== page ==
I went to see The King's Speech, because it was nominated for all those awards and because Monday is Five Dollar Night. I like the actors in it a lot, but I'm glad I didn't spend more than five dollars. The King's Speech may well win the Oscar for Best Picture, but that just goes to show that you don't need originality, drama, artistic perception or a compelling story to win an Oscar.
From the opening moments of that film I was forced to think, once again, a thought that's been building up slowly and irresistibly over the past several years of movie-going:
I am really, really tired of the Great Depression looking so goddamned pretty.
You know how the Thirties look in the movies: all those lovingly restored cars, polished to a deep black-mirror gleam, all those beautifully tailored vintage clothes, all those hats. At the movies, it seems completely inexplicable that hats ever went out of style: every hat looks so good! Everyone looks so good in hats! How could anyone not wear one? You have to watch a movie actually filmed in the Thirties, rather than merely set in the Thirties, to see what people actually looked like in those hats. You also need to watch a movie made during the Depression, instead of set during the Depression, to have any chance that the movie will acknowledge the Depression itself or the tens of millions of people mired in desperate poverty.
Some of the Hollywood movies from the Thirties are entertainments designed to ignore the tough times happening in the real world, while others make those tough times into the story. But nearly every high-end art-house movie set in the Thirties, the kind of movie that prides itself on being "serious", ignores the tough times that were happening in the real world. Low-brow moviemakers used to offer up escape from the Thirties. Now high-brow moviemakers offer the Thirties as a place to escape to.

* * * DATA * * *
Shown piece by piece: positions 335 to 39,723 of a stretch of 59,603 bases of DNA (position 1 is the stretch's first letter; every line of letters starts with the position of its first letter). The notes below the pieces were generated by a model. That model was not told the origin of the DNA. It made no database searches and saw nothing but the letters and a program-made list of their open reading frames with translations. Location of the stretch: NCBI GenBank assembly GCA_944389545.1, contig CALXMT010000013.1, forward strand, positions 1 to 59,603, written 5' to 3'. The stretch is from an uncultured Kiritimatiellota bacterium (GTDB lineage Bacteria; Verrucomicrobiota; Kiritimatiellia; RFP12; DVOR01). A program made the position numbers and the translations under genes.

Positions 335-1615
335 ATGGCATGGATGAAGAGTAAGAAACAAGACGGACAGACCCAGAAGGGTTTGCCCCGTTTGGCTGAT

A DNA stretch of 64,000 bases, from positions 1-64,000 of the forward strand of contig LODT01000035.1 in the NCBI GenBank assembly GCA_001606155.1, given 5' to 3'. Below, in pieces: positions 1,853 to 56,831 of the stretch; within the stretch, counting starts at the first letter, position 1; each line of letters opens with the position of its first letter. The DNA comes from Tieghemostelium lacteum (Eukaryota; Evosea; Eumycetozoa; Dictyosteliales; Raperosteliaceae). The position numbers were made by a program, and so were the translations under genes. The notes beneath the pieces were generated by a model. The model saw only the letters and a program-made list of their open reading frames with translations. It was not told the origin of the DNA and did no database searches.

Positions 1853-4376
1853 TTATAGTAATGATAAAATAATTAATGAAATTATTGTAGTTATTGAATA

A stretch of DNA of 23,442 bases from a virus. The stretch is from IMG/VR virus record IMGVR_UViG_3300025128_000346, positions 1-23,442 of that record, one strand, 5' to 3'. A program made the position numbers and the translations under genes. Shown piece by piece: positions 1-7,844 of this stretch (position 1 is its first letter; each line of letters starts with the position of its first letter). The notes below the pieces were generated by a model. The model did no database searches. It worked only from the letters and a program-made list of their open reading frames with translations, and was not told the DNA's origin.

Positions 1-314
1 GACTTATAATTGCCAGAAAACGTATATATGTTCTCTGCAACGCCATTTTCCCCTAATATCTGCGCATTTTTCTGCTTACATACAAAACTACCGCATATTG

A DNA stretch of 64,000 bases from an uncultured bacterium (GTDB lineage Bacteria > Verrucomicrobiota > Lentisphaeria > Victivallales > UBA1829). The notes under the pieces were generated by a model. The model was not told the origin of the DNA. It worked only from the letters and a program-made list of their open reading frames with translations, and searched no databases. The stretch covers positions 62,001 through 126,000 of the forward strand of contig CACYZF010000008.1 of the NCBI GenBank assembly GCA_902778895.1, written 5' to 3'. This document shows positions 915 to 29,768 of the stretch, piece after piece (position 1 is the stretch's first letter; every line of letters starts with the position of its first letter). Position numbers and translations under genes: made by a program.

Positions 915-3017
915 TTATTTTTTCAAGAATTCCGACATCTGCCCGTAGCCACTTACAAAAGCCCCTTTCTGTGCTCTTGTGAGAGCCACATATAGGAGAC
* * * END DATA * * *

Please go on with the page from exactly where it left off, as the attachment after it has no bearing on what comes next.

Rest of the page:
Some of this is just the Costume Drama Effect, which invests props and costumes with fetishistic glamor. In old Warner Brothers pictures, people drive cars. In a costume dramas they drive carefully restored antique cars, which is a very different thing. The same thing goes for clothes and hats; there's a difference between wearing a wool jacket and wearing an obsessively recreated wool jacket. The camera treats them differently, too. When you've spent that much time and effort and money getting the cars and hats and silver trays just right, you focus (literally and figuratively) on the cars and hats and silver in a way you wouldn't if you were filming a contemporary setting on a normal costume budget. The same phenomenon is at work when the camera in The Social Network lingers repeatedly over that movie's detailed recreation of the Harvard campus. (No one has been allowed to film on Harvard's campus since the makers of Love Story, another craptastic Oscar nominee, allegedly trashed the joint.) The film makers worked so hard to make its Harvard look real that they need you to notice and admire it. And of course, when you're focusing on the nice clothes and cars and silver, it's natural to focus your costume dramas on the people with the nicest clothes and cars and antique silver. Costume drama has always favored the upper classes.